What happens to some people is that when they are off smoking for a certain time period they start fixating on a cigarette. By that I mean they forget all the bad cigarettes they ever smoked, they forget the ones they smoked without ever really thinking about them even at the time they were being smoked, and they start to remember and focus on one good cigarette. It may be one they smoked 20 years earlier but it was a good one and they now want one again.
It's a common tactic for the ex-smokers to try and tell themselves that they do not really want that "good" cigarette. Well, the problem is, at that moment they really do want it. An internal debate erupts, "I want one, no I don't, one sounds great, no it doesn't, oh just one, not just one!" The problem is that if the ex-smoker's focus is on just "one" cigarette then there is no clear-cut winning side to the debate. The ex-smoker needs to change the internal discussion.
Don't say that you don't want one when you do, rather acknowledge the desire but ask yourself, "Do I want all the other cigarettes that go with it." Then, "do I want the package deal that goes with the others? The expense, social stigma, smell, health effects, possible loss of life. Do I want to go back to smoking, full-fledged, until it cripples and kills me?"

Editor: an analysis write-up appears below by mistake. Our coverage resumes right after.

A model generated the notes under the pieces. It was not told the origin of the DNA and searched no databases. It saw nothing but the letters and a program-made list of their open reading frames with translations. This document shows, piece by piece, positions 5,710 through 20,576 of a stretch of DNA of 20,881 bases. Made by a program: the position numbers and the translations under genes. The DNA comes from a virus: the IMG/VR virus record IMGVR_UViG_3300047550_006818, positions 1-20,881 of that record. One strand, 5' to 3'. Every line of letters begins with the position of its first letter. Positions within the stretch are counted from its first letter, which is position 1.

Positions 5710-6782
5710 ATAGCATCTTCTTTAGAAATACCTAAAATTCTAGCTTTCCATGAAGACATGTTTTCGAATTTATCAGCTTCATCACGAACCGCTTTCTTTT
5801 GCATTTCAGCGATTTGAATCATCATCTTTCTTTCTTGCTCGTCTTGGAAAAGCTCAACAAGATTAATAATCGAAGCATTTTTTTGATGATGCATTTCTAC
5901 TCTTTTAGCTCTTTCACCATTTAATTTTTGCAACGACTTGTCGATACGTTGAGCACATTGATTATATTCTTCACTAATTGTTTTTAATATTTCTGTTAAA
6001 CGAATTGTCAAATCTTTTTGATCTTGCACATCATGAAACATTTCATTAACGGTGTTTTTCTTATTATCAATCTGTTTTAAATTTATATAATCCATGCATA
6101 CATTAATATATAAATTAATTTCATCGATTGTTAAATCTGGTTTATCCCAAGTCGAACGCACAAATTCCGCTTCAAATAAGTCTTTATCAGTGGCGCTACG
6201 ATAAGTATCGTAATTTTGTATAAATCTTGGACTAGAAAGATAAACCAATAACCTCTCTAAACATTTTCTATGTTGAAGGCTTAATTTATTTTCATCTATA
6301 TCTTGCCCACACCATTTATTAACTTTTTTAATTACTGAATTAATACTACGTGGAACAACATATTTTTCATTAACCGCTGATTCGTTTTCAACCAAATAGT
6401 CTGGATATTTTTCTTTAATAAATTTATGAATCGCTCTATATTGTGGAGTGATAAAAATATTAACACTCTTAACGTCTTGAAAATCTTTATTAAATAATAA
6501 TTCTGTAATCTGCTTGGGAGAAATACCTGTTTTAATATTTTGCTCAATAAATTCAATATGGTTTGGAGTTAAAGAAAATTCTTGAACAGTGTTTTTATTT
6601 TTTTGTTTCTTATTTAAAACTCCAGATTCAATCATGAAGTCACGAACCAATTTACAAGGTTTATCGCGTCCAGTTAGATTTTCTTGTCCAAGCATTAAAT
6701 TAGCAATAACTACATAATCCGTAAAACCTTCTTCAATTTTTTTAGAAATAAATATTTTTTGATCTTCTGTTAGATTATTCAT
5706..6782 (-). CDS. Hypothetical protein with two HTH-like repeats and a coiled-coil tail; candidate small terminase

Stated like this it normally is not a back and forth debate. The answer will normally be, "No, I don't want to smoke under these terms," and those are the only terms that a cigarette comes with.
Normally if viewed like this the debate is over almost immediately after being pulled into focus. Again, if the focus is only one, you can drive yourself nuts throughout the entire day. If you focus on the whole package deal, you will walk away from the moment relieved to still be smoke free and sufficiently reinforced to NEVER TAKE ANOTHER PUFF!Joel
© Joel Spitzer 2002
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